"Medicare-for-all will never happen if we continue to elect corporate Democratic whores who are beholden to big pharma and the private insurance industry instead of us."
I understand what Paul Song was trying to say here, that money in politics prevents politicians from passing progressive policies. I see what he means so clearly, that I was almost ready to write off his use of a word that his almost exclusively directed at women, and used to demean women. At a rally for Bernie Sanders, Paul Song casually and tangentially called Hillary Clinton a whore, and to be very honest, it didn't really shock me all that much.
Maybe it's because I've seen people calling Clinton worse names online. Maybe it's because so much of the recent rhetoric has been so sexist that the use of a sexist word really didn't seem out of place. Or maybe it's because this is just what happens to women in politics.
While people prepare their counter-arguments (believe me, I've heard all of them) I'll tell you what the science says. When female politicians are perceived as "power seeking" or ambitious, people are more likely to express feelings or moral outrage, anger and disgust. Power seeking women are seen as uncaring, and voters are less likely to vote for ambitious female politicians. If you're wondering if this is also true for ambitious, power seeking male politicians, it's not. In fact, power seeking men are seen as more competent and believed to have greater agency and assertiveness.
But don't let that one study convince you! Another study found that high-ranking female Senators talk less than high-ranking male Senators. In fact, as female Senators become more powerful, they try to talk the same amount as less important female Senators, because they're worried about potential backlash if they talk too much. A worry that is not unfounded. Female CEOs who talk "more than others in power" are perceived by men and women as "less competent" and "less suitable for leadership."
A third study found that when women succeed in male-dominated careers, they are seen as "unlikeable" and "unpleasant." And since 100% of US Presidents have been men, and 80.6% of current Congressional Representatives and Senators are men, it's hard to find a career more male dominated than the highest levels of political office. So it's no surprise that certain female Senators, Congresswomen, female Governors, and Hillary Clinton, are often described as "unlikeable."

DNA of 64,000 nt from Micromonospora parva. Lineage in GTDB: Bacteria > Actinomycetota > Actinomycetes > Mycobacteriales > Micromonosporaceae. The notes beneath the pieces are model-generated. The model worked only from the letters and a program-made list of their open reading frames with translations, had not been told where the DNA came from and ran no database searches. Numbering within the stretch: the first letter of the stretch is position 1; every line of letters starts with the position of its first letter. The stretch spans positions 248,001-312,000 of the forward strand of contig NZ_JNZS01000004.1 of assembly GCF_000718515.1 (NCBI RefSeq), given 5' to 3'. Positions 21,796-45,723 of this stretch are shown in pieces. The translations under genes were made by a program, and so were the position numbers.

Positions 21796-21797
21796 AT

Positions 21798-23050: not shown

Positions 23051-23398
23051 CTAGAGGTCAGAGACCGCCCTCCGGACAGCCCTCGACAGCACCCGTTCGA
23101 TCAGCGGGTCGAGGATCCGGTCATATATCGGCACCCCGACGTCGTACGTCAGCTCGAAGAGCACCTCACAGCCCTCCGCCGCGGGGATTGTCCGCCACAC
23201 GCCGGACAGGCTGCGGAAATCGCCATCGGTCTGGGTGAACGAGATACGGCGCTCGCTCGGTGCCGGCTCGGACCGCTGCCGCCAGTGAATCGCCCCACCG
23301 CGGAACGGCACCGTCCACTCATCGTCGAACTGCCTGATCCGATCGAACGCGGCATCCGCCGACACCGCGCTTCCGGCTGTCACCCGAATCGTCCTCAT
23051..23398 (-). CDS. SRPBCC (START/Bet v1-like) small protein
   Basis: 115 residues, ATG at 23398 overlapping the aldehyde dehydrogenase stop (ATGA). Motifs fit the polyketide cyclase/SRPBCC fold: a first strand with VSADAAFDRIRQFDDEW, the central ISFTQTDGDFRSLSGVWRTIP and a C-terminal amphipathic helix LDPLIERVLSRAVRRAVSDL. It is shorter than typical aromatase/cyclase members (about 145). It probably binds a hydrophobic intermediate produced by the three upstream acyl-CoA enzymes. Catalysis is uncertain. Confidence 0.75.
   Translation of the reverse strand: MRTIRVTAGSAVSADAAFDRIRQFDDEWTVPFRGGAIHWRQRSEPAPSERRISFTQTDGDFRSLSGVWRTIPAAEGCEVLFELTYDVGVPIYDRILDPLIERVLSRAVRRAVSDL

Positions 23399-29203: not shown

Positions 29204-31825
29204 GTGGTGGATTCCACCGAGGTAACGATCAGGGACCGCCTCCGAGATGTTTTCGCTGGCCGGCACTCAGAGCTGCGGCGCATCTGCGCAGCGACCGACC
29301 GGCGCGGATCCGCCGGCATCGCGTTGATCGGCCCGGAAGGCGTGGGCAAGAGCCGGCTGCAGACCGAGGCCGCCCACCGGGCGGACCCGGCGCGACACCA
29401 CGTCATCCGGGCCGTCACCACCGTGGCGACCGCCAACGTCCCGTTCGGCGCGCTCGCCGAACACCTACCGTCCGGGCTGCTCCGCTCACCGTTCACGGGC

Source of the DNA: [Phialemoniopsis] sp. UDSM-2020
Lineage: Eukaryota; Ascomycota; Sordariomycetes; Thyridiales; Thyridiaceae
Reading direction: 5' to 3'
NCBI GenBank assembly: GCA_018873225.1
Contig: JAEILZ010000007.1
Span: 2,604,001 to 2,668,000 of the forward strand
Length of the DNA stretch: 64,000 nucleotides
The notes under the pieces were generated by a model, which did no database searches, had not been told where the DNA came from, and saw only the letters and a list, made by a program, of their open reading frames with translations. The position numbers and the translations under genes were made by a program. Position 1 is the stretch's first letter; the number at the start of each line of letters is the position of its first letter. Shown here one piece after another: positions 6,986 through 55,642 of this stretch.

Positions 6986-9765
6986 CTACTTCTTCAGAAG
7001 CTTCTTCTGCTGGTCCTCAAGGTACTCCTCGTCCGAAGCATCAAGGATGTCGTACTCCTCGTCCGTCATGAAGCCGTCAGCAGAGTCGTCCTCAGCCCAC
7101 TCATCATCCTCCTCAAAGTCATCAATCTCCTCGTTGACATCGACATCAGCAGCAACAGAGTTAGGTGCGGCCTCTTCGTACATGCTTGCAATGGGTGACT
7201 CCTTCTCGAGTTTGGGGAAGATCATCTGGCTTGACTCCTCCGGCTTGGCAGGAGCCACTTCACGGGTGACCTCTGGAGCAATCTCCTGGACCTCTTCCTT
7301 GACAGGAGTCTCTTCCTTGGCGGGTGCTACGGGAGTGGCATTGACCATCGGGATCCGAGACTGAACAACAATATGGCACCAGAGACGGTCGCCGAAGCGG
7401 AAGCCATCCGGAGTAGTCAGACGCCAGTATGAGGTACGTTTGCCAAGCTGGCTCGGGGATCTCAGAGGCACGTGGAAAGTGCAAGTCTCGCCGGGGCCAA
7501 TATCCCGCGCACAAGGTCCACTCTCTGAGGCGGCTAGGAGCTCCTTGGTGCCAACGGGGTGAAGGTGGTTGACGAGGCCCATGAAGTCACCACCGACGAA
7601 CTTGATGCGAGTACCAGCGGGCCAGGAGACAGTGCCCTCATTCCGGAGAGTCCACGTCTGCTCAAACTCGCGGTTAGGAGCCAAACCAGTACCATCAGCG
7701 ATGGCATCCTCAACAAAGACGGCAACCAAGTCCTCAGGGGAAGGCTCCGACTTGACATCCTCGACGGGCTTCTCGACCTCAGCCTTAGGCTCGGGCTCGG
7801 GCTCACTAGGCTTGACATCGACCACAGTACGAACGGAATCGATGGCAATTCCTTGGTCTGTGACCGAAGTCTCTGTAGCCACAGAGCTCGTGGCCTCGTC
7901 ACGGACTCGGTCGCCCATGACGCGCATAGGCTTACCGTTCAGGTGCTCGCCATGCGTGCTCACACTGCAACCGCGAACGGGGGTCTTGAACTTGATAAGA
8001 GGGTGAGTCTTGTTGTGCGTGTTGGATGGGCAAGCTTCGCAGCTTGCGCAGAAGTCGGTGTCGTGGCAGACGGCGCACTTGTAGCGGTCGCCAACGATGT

To quote my friend Jenny (who has an amazing blog that you should check out)
I can’t prove that sexism plays into your dislike of Hillary Clinton. It’s just that if when you say that she is “sneaky, bitchy, tricky, bossy, self-obsessed, power-hungry, abrasive, and unfriendly” I can’t tell if we’re a) doing a cool modern retelling of the Salem witch trials, b) using every negative descriptor and stereotype that has ever been applied to women, or c) talking about reasons to dislike Hillary Clinton.
And to quote myself from two days ago, I can't prove that Hillary Clinton, and other women in politics have it harder because they are women, but I am a woman and I do work in politics, and I know in my soul that there is sexism at play in how we view and talk about powerful women who want to succeed in a male-dominated field.
I'm outraged at the sexist attacks that women in politics face, but I'm not surprised by them. I'm surprised that other people don't seem to see them as sexist. I know that I could link to 100 peer-reviewed studies showing that women in politics are held to a higher standard, and seen as less qualified, I know I could pull up 1,000 tweets criticizing female politicians appearance, or their voices, or their weight, or their amorphous unlikeability, and I know I could talk about my own experiences as a woman in the world, but there would still be people who wouldn't believe me.
So this blog post is to say, I don't need you to believe me, because I know I'm right. I know that women have it harder in politics than men do, I know that if Hillary Clinton was Hector Clinton, Paul Song wouldn't have used the word whore, and I know that this election has been rife with easy to dismiss sexism that makes me feel crazy when I point it out and no one sees it. But I know it's there, and I'll just keep pointing it out until everyone else sees it too.